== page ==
Colonies on the march move maternal alleles across tropical landscapes

A blog post highlighting the article by Soare et al. in Insectes Sociaux.

By Sean O’Donnell

Army ants are strange beasts. New World army ants (Ecitoninae) share a suite of unusual characteristics, including mass foraging raid behavior, that distinguish them among ants and indeed among all social insects- the army ant syndrome. Their strangeness may breed success: recent evolutionary analyses suggest the army ant syndrome is ancient (perhaps 80 million years old), and army ants are among the most important ecological players in the tropical forests where they thrive.

One component of the army ant syndrome relates to their mode of reproduction. Like some other social insects, notably honeybees (Apis) and some paper wasps (Epiponini), army ant colonies reproduce by swarming. Swarming involves groups of workers and one or more reproductives (queens, in Hymenoptera) moving away from the natal colony to establish a new daughter colony. Army ants are unusual because their impressively large queens are wingless. During periodic bouts of reproduction that occur every few years, an army ant colony produces a single surviving daughter queen who mates with a number of visiting winged males that arrive from distant colonies. After mating, the young queen inherits about half of the worker force and walks away from her natal colony to start a new society.

Differences in mobility between queens and males occur in some ant species and are usually associated with significant sex differences in dispersal distance. In these species of dependent-founding ants, homebody queens settle in or near their natal nests; males fly longer distances to seek mates. This sex difference can be important for population structure: the mobile longer-flying males move genes (alleles) greater distances. It was long assumed that wingless army ant queens were relatively mobility-challenged, and that queens were therefore less important than winged army ant males for maintaining gene flow in army ant populations.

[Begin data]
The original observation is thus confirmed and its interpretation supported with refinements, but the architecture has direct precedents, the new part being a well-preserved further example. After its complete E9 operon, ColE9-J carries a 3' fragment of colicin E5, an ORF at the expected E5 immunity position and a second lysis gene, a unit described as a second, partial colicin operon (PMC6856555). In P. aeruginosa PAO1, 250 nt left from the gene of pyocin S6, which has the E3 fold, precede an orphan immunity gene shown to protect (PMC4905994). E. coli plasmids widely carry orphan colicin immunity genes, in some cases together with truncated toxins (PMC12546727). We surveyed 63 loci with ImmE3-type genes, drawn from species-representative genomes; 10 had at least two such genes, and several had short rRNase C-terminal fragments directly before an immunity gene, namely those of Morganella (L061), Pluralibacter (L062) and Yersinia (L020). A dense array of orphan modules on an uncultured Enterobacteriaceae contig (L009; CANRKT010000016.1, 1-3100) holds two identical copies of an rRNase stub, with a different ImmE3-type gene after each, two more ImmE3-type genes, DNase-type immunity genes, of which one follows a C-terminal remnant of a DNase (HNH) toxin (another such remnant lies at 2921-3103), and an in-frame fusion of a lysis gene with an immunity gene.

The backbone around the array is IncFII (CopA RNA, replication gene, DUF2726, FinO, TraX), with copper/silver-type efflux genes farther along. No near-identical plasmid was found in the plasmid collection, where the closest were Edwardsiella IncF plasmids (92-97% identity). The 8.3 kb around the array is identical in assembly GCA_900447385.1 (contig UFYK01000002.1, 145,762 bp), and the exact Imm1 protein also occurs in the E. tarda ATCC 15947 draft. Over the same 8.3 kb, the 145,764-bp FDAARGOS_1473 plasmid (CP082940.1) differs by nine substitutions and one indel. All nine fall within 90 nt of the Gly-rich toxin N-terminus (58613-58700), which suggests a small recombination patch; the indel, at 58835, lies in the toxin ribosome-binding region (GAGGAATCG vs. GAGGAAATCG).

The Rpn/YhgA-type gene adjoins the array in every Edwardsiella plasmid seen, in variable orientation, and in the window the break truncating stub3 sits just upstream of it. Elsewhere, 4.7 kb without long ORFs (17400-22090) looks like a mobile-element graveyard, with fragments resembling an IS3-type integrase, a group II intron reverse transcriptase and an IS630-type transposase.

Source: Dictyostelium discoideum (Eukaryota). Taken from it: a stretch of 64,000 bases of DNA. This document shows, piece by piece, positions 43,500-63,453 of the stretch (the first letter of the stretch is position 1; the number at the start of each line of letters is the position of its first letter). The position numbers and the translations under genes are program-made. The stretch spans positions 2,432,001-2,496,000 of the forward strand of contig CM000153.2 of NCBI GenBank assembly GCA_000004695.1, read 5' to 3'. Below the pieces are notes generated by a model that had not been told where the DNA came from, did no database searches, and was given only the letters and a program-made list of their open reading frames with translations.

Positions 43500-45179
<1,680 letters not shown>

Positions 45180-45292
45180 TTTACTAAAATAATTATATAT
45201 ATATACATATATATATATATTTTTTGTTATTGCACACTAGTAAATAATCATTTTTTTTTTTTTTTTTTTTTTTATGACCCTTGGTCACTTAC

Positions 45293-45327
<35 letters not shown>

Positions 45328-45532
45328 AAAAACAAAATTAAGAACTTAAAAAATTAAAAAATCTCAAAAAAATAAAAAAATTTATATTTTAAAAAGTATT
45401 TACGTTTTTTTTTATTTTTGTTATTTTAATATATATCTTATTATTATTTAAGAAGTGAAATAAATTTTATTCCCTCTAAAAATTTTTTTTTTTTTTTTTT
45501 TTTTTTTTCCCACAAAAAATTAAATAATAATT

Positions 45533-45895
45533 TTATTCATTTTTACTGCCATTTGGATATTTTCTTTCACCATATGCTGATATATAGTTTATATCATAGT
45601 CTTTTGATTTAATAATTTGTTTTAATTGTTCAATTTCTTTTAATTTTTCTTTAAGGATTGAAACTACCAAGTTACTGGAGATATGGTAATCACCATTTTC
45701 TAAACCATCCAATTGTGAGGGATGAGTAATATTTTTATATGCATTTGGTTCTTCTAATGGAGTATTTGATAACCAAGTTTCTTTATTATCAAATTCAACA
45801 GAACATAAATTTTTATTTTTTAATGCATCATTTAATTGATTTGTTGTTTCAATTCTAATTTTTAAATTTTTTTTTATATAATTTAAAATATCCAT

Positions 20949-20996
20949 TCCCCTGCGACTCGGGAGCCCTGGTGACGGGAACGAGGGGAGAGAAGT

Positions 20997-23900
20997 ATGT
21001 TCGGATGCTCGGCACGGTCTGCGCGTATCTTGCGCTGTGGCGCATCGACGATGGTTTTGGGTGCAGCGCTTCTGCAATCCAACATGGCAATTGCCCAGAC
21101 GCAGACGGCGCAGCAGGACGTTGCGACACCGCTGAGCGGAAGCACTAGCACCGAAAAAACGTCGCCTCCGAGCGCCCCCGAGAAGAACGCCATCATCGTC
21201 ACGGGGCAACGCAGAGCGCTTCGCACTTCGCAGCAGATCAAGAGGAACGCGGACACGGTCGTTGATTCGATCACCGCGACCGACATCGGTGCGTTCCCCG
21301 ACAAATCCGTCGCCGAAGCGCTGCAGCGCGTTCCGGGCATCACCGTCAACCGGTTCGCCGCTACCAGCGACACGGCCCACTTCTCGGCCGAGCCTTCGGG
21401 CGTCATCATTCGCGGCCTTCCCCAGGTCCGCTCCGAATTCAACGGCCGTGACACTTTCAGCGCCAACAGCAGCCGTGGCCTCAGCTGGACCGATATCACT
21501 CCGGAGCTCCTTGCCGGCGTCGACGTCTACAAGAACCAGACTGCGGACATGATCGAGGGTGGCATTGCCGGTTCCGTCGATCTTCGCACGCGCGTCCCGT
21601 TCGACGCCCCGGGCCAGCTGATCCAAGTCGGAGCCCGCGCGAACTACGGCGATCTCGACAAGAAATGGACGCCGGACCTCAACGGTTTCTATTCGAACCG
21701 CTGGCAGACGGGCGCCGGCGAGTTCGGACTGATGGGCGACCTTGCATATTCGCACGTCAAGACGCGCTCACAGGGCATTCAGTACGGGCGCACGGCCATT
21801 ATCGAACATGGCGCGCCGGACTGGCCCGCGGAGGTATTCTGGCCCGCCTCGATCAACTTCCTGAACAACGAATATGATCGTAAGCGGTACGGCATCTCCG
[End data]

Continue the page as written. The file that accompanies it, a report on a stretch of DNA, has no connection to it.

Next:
However, another unusual key feature of the army ant syndrome is colony nomadism. Army ants do not dig and occupy permanent nests. Rather, they regularly move or emigrate among a series of temporary shelters where they bivouac, assembling a temporary nest from the interlinked bodies of the workers. In the well-studied species Eciton burchellii, colonies are on a five-week cycle, of which two weeks are spent emigrating among a series of nesting sites. Single emigrations can traverse 100 m linear distance. Successive emigrations tend toward directionality: a right turn on one night’s emigration path is likely to be followed by a left turn the following night. Do such colony movements, summed over the three years between reproductive bouts, contribute to maternal (female) gene flow?

Video of an an Eciton burchellii colony starting to emigrate. Source: S. O’Donnell.

We hypothesized that colony emigrations would contribute to maternal gene flow and reduce or eliminate sex biases in gene dispersal. We tested for sex biases in gene flow by measuring the genetic relatedness among males and females (queens) in a population of the army ant Eciton burchellii parvispinum in the mountains of Costa Rica. We collected samples of workers from a total of 40 colonies in a roughly 10 km X 10 km area. We sampled colonies in the same geographic area in 2006 (25 colonies), and again roughly three years later in 2009 (15 colonies). Three years represents the typical generation time (time between reproductive bouts) for E. burchellii colonies.

We genotyped workers by using PCR primers to amplify seven highly variable microsatellite DNA regions. We then reconstructed the maternal (queen) genotype for each colony as well as the genotypes of the males that had fathered the workers we sampled. We asked whether relatedness among the queens and their mates decreased with distance among the colonies with years, as well as testing for spatial genetic structure between the 2006 and 2009 samples.

We found no significant difference in spatial genetic structure between the sexes, either within or between the 2006 and 2009 samples. In fact, there was some evidence against genetic philopatry for queens: the queens sampled in 2009 were significantly unrelated to queens sampled in 2006 that were collected nearby (within 0.5 km). These patterns suggest maternal dispersal via emigrations contributed to gene flow in these army ants, reducing or eliminating male biases in dispersal. Because colony emigrations summed over the lifetime of army ant queens queen may contribute to gene flow across the landscape. The ecological consequences mean that habitat connectivity is essential to permit colony emigrations and support genetic diversity in populations of this keystone species.

 

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